Zoo invites Islanders to bid farewell to its Andean bears

Andean bears with Christmas presents of peanut butter, walnuts and fruit. Bahia, the female. Picture: ROB CURRIE. (36763849)

THE Andean bears will be leaving Jersey Zoo next month after ten years in the Island, with a host of bear-inspired activities set to take place this weekend to give Islanders an opportunity to say goodbye.

The two bears – Quechua (Chui) and Bahia – will be leaving Jersey in November, as part of a move that has been planned since the start of the year.

The pair, who have been at the Zoo since 2013, will move to their new home at Knowsley Safari, where Durrell said they would have the space to roam and explore in a larger enclosure.

Jersey Zoo described Chui and Bahia as “valuable contributors” to a special breeding programme working to protect their species.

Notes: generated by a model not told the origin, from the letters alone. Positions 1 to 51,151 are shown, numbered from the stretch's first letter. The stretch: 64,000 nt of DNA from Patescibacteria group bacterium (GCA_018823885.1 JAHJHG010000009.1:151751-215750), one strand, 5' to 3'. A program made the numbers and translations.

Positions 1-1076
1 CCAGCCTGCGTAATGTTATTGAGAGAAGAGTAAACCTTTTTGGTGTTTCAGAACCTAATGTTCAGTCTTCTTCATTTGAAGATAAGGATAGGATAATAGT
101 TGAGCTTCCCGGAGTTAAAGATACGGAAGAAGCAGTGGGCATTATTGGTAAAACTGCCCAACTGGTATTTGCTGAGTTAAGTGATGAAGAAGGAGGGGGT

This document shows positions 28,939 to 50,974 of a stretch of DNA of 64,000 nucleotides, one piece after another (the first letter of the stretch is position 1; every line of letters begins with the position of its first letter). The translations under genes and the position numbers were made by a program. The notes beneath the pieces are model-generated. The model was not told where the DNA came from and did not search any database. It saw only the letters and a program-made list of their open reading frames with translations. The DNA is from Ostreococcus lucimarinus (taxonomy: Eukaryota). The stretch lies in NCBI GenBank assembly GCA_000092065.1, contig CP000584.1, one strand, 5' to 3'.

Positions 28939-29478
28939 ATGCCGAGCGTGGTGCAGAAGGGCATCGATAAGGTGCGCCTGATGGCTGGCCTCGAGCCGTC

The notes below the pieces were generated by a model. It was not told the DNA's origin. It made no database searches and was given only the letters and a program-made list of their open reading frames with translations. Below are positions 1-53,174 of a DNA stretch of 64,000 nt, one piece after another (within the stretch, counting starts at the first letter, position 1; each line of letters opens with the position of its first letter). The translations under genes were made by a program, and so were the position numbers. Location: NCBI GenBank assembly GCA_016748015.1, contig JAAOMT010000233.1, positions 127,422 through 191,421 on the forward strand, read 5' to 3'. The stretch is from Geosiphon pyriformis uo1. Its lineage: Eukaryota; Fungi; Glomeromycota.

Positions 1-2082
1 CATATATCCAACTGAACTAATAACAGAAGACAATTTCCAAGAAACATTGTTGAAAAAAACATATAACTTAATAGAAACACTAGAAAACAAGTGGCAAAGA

The Zoo said that this captive population, built up over the years by several zoos working together, would safeguard Andean bears. Chui and Bahia’s move to Knowsley Safari Park forms an important part of this programme.

Georgia Gotts, team leader of mammals at Jersey Zoo, said: “It is always sad when we have to say goodbye to a species, especially a much-loved pair like Chui and Bahia.

“During their time in Jersey, they welcomed their son, Raymi, who was the first cub born at the Zoo in over 20 years. Raymi has since gone on to have three cubs of his own at Givskud Zoo, which has given this threatened species a much-needed lifeline.

“We would love to see as many visitors and members as possible at our ‘Bye Bye Bears’ weekend, so this fabulous duo gets the send-off they deserve.”

To celebrate the bears’ ten-year anniversary, Jersey Zoo will be hosting a weekend of bear-inspired activities on 14 and 15 October.

The weekend’s activities will include bear keeper talks, activity trails and face painting. There will also be a teddy bear’s picnic on both days.

Over the next few months, the Andean bear enclosure will be adapted to accommodate two new South American species, with links to Durrell’s conservation work in Brazil’s Atlantic Forest.

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